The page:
A week after voting closed on student body referenda, the Undergraduate Student Government (USG) Senate announced in an email to students that in an Executive Session on Monday, April 18, the body decided to uphold an appeal against the actions of USG Chief Elections Manager Brian Li ’24 in a 15–5 vote with four members abstaining.
From April 14 to 15, Israel War Room (IWR), an organization with no affiliation to Princeton, spent $800-899 on a sponsored Facebook post declaring that the Undergraduate Student Government (USG) referendum to halt the use of Caterpillar machinery had been defeated. In fact, preliminary results showed that the referendum had passed, and results have yet to be certified by USG as of April 17.
Leaving the physics building at night, my neck hurts from hunching over a notebook for so long. Only a few stars in the sky peek out, the bright lights from the stadium fighting for my eyes’ attention.
National pro-Israel groups have spent over $1000 sponsoring Facebook ads against a referendum that will appear on the Undergraduate Student Government (USG) spring ballot.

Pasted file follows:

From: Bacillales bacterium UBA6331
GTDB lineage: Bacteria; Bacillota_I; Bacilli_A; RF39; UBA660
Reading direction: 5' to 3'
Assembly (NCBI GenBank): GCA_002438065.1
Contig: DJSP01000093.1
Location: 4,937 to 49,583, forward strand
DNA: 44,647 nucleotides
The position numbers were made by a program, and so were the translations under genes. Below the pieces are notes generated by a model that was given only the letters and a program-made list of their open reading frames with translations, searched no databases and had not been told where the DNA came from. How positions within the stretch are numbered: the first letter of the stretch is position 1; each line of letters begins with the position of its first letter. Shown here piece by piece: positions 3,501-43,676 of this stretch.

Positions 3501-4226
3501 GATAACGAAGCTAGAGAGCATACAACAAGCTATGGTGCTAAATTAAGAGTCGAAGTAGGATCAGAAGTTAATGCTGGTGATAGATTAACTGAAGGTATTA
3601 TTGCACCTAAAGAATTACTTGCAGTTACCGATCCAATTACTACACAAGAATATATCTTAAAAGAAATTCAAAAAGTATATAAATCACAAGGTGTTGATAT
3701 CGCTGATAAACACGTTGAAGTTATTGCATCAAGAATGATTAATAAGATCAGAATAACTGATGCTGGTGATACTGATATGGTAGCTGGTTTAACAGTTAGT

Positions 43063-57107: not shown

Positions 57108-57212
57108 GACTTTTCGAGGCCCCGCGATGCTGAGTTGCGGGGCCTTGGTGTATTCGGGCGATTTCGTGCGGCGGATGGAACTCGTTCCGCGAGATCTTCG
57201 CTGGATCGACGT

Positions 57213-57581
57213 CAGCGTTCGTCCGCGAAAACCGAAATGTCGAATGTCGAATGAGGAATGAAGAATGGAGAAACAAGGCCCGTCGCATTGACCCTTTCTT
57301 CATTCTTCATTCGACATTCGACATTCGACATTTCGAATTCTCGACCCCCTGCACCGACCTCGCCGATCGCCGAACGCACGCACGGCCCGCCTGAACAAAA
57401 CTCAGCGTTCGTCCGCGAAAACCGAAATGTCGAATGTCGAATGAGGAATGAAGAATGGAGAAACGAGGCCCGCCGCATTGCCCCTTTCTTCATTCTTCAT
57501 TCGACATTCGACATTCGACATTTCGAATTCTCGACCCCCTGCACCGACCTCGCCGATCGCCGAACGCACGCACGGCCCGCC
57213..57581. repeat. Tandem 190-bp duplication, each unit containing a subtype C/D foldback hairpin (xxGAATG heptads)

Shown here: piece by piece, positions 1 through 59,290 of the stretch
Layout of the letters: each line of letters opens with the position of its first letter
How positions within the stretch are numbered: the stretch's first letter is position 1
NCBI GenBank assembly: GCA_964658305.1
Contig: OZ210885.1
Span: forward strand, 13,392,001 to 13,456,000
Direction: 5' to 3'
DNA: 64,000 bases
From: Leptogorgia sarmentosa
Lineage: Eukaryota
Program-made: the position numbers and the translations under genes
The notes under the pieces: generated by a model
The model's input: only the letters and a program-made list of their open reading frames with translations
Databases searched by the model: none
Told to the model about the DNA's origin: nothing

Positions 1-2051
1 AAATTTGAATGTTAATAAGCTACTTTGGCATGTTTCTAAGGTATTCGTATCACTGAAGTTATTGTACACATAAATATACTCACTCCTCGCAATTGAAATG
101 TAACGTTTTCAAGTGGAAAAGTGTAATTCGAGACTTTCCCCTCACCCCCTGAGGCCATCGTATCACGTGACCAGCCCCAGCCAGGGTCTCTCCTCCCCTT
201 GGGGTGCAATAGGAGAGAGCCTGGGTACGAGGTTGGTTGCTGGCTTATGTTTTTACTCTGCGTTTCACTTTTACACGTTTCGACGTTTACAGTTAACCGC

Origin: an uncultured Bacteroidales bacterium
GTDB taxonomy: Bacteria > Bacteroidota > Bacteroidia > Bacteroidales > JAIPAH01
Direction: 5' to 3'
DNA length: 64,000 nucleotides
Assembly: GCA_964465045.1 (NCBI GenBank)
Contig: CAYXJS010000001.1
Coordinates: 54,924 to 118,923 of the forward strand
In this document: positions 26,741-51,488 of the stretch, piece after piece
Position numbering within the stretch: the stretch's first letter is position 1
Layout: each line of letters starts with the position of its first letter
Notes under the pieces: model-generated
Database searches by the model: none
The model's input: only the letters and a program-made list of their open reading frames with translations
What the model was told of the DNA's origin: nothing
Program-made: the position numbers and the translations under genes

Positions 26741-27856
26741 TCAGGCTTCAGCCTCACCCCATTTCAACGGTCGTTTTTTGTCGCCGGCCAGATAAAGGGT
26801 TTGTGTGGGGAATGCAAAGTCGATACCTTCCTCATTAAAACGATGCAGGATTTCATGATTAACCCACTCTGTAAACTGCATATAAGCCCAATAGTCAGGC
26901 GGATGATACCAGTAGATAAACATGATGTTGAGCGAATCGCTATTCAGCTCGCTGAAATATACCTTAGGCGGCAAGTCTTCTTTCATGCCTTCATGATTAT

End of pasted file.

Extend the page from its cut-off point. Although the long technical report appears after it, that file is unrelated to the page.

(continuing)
A segment on classics professor Joshua Katz’s controversial statement calling a former Black student activist group a “terrorist organization” will remain on the University’s To Be Known and Heard website, President Christopher Eisgruber ’83 said in a statement on Thursday, responding to the Academic Freedom Alliance’s (AFA) request to “refrain from using its administrative resources to target” Katz.
There was nothing particularly unusual about Bridgette vonHoldt receiving an email from a man in Texas with pictures of strange-looking, reddish-hued coyotes.
The Princeton Open Campus Coalition (POCC), Princeton Federalist Society, and Princeton Cliosophic Party played host to a panel featuring three advocates on issues of academic freedom for an event titled “Mob Rule: The Illiberal Left’s Threat to Campus Discourse” in the Whig Senate Chamber on March 24.
On Wednesday, Feb. 16, Divest Princeton filed a legal complaint to the New Jersey Attorney General against Princeton University. On the same day, organizations at Yale, Stanford, and Vanderbilt Universities, as well as the Massachusetts Institute of Technology filed similar complaints in their respective states.
“I’ve been wanting to perform ever since I could open my mouth,” said Sam Spector ’24.
On a campus dominated by the evolving realities of the omicron wave of the COVID-19 pandemic, in-person instruction has emerged as a flashpoint for students and administrators. While some students have called for online learning options to be made available to all, administrations recently reaffirmed their commitment to in-person learning.
More elephants in Mozambique are being born without tusks. An ocean and thousands of miles away, researchers at Princeton wanted to understand why.